Adventures with Anne #2: How I Came to be Part of the Annual Gathering of Canadian Bishops
Last time I wrote I was preparing to attend the Canadian Conference of Catholic Bishops’ (CCCB) Plenary in Cornwall, ON, representing the League as one of thirteen invited observer groups. Observers are welcomed to the Monday session and until 2:00 p.m. Tuesday. As a first-timer, I was somewhat uncertain what to expect though I had been given lots of information. I was collected at the Ottawa airport and shuttled to Cornwall, about an hour away, along with the Most Rev’s. Donald Bolen (Regina), Fred Colli (Thunder Bay), and Peter Hundt (Corner Brook). We had a lively conversation on a number of topics, some faith-based, some about our personal joys, such as the common love of long-distance walking shared with Archbishop Bolen, the love of our bishops for the church and their adopted communities, and our challenges as members of the church. All made me feel welcome, and my thanks was shown by shutting the door on dear Bishop Colli when we arrived at the NavCan Cente. He dutifully gave me the teasing I deserved.
I realized when I attended breakfast Monday morning how our national spiritual advisor must feel, as I was one of about four women in a sea of black suits. Indeed, one of the servers questioned whether I was in the correct room, understandably.
Being part of the Eucharistic celebrations both mornings was truly a blessing, though I almost missed mass on Tuesday at 7:30 a.m. when I’d been up since 5:30 and ready by 6:30, but that is another story. Suffice it to say I was there in lots of time to hear the readings of the day proclaimed and the homily given by presider, Most Rev. Gregory Bittman (Nelson), before I presented the mass intercessions.
What a privilege to hear CCCB President, Most Rev. Lionel Gendron (Saint-Jean-Longueuil), give his report. He enthusiastically stated that the Conference is seeking new ways to assist bishops, and therefore, parishioners, in finding new connections with the church in different ways. He summarized important work being done by COLF, the need for continued advocacy for palliative care and defence of life, which can trace its roots to the settling of New France; calling on the prime minister to rescind the attestation clause in the Canada Summer Jobs Program, which violates the Canadian Charter of Rights and Freedoms; issues relating to religious freedom in Canada; the Morgentaler decision; legalization of marijuana; and the call to action for all members of the Canadian church with regard to Indigenous peoples. He reminded all gathered of the important advisory capacity to the CCCB of the Canadian Catholic Indigenous Council on the occasion of their twentieth anniversary in 2018. It truly is a “time of Grace”, he stated.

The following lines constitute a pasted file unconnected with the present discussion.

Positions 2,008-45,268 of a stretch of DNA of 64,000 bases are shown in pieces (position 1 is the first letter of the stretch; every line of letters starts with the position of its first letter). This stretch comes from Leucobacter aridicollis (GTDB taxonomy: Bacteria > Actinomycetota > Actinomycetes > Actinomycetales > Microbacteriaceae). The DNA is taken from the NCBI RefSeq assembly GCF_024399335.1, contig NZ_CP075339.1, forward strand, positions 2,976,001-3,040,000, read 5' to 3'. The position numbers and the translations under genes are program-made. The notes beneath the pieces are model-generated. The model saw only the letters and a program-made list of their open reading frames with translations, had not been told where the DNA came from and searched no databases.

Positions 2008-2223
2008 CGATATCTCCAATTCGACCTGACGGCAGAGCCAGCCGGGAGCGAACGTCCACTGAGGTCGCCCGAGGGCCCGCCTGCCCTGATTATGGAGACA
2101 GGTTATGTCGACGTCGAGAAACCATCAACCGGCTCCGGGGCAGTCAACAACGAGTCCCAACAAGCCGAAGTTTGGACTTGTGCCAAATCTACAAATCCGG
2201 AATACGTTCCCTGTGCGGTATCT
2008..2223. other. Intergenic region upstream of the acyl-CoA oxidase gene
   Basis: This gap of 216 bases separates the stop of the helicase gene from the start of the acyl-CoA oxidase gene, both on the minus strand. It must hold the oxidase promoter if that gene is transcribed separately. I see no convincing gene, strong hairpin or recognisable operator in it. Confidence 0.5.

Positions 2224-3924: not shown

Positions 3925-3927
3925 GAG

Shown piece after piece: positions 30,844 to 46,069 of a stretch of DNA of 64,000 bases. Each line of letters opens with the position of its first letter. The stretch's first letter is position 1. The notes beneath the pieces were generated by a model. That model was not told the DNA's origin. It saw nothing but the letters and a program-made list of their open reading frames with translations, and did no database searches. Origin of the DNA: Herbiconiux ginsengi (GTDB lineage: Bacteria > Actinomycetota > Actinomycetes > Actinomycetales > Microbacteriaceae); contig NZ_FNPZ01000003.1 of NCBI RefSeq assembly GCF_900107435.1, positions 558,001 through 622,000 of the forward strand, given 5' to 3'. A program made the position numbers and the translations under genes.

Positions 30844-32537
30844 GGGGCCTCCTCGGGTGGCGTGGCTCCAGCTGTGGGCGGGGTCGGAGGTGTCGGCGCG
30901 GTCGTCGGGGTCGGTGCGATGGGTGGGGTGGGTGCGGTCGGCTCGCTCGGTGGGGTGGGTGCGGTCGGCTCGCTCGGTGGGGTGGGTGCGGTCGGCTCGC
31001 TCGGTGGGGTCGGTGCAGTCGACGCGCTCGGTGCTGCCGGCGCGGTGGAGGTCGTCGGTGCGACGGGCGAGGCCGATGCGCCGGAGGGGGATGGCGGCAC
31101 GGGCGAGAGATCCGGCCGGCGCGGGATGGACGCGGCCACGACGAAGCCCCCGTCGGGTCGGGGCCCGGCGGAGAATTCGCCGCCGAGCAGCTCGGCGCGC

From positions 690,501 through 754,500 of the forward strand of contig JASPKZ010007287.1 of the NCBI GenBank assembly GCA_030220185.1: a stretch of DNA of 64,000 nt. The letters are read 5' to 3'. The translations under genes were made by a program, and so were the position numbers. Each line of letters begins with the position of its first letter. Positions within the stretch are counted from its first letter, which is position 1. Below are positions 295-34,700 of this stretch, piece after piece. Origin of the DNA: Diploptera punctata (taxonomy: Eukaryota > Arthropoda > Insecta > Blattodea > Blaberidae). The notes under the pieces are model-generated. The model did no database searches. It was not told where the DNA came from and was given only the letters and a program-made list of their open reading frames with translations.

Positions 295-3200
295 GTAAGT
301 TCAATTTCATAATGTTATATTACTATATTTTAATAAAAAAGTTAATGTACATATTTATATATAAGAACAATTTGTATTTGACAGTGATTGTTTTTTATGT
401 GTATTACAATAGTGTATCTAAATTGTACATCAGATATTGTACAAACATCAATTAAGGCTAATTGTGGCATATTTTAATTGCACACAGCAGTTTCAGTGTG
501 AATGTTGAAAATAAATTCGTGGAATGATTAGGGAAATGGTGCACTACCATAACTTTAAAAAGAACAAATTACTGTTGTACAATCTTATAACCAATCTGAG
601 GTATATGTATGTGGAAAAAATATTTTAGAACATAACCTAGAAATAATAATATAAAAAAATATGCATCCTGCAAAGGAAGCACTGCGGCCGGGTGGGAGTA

Bishop Gendron asked for prayers for the CCCB so they may “remain faithful to the flock entrusted to them”. This is especially poignant in light of the recent sexual abuse in Pennsylvania. They may be assured of the prayers of the members of the League.
During an animation by the Palliative Care Working Group, a newly formed group of the CCCB, including Most Rev. Noel Simard (Valleyfield), Bonnie Tompkins and Archbishop Richard Smith (Edmonton), end of life issues were considered, and a rough draft of a parish based resource kit, was presented. While people await its expected completion in mid-2020, Archbishop Smith presented a slide entitled “Great things happening already!” which included The Catholic Women’s League of Canada “12 Hours of Prayer for Palliative Care” initiative. It was a beautiful feeling when this huge effort which has produced untold benefits through the prayers of members, was recognized.
The complete report of my visit to the Plenary will be sent to national office for circulation among board members.
As my flight from Montreal was not leaving until about 9:30 p.m., I had an opportunity to review my notes before taking a long brisk walk along the St. Lawrence River. I could only imagine how important this beautiful piece of creation has been from time immemorial until the present; and there within swimming distance was another country! “God is good – all the time.” Back to the cottage by 12:45 a.m. and a little chat with my husband before a welcome sleep. Tomorrow, if God is willing, will bring more e-mails, texts, phone calls, and responses to write; today, I thank Him for the breath I’m allowed.